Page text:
As the world applauded the Oscar success of Bong Joon Ho’s “Parasite,” the film’s producers had further reason to celebrate following a record-breaking theatrical release in the U.K. over the weekend, pushing its worldwide cume to new heights.
The tragicomedy about social inequality in modern Korea scored £1.4 million ($1.81 million) for its opening weekend, including previews, in the U.K. and Ireland, according to Comscore, breaking the record for a foreign-language film’s opening weekend. The film’s distributor Curzon has revealed that it will expand the release from 136 venues to more than 400 from Friday. The pic, which contains scenes of bloody violence, is rated 15 in the U.K.
The film has received rave reviews from U.K. critics as elsewhere. Mark Kermode at the Observer said: “‘Parasite’ really is the kind of remarkable experience that makes modern movie-going such a joy.” Danny Leigh at the Finanical Times described it as “a spectacular epic and tightly wound chamber piece, chicly sophisticated, brutal as a hammer.”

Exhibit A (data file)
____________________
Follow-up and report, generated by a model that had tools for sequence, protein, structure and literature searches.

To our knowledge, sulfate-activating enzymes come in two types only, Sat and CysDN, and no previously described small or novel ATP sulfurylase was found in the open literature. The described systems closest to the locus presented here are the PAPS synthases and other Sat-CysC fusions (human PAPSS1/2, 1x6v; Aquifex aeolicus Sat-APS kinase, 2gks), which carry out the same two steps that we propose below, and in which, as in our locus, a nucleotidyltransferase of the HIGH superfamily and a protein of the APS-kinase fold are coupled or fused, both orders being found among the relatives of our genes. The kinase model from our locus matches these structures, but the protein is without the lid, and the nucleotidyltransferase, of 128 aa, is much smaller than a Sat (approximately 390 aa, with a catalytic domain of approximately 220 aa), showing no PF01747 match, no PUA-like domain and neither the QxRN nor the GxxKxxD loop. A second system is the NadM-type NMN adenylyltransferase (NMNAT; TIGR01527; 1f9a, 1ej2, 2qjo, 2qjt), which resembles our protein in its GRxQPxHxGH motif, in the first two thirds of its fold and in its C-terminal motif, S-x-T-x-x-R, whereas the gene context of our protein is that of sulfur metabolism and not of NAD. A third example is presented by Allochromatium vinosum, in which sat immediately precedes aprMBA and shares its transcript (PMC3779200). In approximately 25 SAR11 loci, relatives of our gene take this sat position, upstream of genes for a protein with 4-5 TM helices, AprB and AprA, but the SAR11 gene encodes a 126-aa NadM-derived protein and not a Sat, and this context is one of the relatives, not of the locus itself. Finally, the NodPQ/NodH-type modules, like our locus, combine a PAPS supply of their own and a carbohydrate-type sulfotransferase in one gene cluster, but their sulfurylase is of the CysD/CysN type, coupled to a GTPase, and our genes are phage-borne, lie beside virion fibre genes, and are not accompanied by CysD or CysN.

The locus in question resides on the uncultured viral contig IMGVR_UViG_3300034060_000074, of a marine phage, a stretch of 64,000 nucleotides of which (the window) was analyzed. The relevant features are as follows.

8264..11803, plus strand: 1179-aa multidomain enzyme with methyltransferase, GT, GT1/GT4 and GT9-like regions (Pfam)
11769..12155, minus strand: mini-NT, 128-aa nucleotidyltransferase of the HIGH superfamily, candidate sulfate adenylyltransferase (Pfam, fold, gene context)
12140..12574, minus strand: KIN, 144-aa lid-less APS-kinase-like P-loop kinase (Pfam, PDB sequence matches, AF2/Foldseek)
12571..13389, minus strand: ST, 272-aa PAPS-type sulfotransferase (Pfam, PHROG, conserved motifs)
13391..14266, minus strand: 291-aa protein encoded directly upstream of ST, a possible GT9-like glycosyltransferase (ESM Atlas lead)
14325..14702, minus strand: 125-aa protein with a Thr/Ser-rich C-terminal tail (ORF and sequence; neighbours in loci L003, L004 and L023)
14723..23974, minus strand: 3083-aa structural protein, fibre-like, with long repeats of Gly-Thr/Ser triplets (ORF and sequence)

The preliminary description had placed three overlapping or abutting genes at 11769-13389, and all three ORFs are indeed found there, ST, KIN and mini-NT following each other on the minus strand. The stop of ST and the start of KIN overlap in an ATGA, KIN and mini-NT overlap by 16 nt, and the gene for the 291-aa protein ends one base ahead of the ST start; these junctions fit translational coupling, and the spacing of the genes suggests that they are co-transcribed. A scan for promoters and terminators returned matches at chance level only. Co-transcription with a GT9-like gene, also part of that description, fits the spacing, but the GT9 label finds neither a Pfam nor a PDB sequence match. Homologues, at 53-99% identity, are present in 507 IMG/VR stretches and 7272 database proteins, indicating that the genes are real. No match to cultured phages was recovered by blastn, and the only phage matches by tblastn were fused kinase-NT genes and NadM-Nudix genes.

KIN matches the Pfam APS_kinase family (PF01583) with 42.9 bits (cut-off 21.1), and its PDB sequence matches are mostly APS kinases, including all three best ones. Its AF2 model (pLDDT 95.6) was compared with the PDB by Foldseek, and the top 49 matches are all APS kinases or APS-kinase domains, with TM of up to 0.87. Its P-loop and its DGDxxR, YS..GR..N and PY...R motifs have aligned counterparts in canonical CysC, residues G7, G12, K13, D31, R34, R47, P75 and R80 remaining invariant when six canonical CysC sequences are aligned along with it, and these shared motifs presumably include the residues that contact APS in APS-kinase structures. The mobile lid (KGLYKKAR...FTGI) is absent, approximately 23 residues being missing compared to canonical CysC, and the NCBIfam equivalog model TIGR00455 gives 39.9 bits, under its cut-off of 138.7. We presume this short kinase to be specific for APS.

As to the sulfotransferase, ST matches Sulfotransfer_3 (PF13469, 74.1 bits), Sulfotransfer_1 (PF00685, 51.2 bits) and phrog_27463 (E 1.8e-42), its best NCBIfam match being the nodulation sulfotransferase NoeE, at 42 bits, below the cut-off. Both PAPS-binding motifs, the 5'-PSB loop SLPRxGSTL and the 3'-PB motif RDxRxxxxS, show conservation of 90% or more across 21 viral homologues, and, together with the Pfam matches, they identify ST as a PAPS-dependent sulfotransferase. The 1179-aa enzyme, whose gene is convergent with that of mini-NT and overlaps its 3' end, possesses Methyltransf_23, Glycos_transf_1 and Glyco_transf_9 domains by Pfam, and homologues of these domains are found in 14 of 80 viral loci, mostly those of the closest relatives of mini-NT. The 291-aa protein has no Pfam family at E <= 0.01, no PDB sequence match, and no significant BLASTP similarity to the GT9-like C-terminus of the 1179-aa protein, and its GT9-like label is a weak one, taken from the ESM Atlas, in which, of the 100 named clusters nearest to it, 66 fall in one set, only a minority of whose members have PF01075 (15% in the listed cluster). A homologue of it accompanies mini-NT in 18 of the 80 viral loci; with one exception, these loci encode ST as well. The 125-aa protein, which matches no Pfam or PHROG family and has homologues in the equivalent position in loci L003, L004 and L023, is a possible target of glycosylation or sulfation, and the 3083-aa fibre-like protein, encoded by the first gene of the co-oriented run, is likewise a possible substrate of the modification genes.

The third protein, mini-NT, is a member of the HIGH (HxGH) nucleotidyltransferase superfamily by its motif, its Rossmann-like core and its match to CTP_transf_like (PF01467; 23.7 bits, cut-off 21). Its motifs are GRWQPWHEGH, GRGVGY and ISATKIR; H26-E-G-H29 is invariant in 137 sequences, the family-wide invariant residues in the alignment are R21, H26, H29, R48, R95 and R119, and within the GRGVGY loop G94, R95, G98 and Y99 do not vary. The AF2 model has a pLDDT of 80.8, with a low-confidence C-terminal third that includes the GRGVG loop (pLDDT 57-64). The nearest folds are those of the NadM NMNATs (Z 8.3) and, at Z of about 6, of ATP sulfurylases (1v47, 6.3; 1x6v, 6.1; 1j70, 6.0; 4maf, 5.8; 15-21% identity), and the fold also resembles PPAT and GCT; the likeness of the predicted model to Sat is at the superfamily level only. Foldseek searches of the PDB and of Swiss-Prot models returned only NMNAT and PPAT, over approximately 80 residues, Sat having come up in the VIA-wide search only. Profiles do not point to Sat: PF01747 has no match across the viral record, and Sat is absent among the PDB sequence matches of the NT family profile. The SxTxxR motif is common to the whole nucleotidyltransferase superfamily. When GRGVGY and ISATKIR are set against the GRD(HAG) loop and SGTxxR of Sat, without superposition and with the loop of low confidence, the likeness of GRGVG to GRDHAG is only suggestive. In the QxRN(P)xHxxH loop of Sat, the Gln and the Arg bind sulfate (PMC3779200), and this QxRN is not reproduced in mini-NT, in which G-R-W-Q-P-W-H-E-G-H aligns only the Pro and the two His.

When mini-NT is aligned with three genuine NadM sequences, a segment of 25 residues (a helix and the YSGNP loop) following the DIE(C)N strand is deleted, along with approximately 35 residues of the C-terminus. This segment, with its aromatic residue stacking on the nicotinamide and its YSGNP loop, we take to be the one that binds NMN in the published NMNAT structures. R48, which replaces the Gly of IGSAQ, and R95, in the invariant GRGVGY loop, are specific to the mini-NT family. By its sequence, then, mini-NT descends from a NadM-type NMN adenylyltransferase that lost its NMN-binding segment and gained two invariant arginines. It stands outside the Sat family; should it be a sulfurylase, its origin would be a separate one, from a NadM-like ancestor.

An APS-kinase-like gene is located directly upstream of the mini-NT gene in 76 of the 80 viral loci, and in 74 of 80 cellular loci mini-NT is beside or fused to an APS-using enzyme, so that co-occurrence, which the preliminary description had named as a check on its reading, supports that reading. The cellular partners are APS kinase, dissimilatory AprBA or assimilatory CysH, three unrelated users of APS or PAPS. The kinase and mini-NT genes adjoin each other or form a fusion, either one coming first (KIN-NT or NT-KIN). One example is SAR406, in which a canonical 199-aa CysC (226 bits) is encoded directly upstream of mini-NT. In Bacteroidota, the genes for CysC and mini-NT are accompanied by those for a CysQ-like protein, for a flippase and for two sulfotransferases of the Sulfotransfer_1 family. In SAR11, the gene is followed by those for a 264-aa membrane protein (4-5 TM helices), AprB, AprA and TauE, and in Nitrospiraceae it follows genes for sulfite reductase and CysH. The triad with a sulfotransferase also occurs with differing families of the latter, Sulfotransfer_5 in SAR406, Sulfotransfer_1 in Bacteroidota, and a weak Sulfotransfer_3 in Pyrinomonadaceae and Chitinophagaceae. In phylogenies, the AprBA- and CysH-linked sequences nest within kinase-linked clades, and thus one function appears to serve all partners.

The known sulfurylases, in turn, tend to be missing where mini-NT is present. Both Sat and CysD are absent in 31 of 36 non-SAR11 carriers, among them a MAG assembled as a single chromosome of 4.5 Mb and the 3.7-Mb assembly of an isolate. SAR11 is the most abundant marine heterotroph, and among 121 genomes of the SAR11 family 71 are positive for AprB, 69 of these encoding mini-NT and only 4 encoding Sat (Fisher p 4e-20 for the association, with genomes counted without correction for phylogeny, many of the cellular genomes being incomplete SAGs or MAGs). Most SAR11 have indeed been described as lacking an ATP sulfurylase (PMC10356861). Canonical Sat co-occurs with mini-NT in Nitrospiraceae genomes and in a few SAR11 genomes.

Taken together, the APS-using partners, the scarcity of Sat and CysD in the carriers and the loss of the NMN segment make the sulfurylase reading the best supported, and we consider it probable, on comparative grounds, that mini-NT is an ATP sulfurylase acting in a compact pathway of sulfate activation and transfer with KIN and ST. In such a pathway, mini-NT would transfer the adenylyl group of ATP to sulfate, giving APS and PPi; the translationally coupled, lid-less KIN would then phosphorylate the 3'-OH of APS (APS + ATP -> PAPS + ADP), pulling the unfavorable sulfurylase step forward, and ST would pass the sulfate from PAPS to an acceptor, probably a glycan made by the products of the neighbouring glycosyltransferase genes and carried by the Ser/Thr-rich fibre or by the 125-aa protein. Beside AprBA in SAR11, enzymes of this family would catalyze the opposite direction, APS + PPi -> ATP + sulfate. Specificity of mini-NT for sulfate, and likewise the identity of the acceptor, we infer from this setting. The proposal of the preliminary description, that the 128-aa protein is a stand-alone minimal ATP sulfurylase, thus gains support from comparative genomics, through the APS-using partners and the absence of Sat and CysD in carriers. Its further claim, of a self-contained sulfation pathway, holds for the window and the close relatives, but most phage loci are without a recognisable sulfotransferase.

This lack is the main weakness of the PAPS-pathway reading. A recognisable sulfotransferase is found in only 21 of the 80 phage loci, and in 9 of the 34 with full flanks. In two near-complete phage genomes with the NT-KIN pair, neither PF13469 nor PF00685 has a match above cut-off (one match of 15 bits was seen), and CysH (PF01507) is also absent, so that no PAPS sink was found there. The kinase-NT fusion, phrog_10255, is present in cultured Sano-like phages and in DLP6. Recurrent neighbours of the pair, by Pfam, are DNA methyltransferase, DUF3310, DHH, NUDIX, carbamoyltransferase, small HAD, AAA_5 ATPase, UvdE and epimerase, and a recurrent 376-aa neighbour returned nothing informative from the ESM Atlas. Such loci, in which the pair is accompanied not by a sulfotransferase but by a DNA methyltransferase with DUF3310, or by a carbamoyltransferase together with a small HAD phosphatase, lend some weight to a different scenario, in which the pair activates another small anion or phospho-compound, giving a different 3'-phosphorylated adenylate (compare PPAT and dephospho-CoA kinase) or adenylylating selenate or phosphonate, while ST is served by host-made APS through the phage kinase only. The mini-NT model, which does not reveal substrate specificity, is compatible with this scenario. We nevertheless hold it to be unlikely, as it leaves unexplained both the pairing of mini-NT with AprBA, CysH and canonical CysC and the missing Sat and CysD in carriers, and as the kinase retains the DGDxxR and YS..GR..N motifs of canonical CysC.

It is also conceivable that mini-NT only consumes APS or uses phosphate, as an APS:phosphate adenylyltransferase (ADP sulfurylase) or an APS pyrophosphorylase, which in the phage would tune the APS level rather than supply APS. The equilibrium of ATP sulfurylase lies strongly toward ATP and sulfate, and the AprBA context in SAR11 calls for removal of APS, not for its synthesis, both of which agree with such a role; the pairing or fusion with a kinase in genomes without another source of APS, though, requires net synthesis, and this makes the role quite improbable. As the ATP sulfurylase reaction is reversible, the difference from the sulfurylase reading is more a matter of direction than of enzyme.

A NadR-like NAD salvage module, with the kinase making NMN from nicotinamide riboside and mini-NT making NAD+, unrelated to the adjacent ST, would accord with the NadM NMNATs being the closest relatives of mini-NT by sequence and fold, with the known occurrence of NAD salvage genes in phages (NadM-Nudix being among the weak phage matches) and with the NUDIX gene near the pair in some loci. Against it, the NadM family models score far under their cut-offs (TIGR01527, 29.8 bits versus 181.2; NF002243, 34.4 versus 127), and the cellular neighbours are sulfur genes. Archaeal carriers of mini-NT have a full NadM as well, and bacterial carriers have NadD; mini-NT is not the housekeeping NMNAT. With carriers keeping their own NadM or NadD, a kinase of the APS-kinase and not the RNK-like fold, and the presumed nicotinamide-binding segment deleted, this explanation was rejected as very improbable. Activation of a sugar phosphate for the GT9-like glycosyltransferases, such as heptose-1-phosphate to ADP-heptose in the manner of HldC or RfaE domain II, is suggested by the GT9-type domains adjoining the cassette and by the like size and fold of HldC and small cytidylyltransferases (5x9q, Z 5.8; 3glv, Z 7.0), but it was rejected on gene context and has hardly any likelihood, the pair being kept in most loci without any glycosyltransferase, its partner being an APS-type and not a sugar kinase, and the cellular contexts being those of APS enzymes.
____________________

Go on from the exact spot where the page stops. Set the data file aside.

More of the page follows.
The pic, which follows a family of grifters as they worm their way into an upper-class family’s perfect world, recorded the world’s ninth highest weekend box office at $4.66 million.
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This takes its worldwide gross to $175 million, a phenomenal figure for an independently produced foreign-language film. Its U.S. theatrical cume, through Neon, stands at $35.4 million, while its international total is at $140 million.
The total covers the pic’s release in 38 territories, so it will climb still higher as more distributors report their figures.
“Parasite” received Oscars on Sunday for best picture, directing, international feature film, and original screenplay.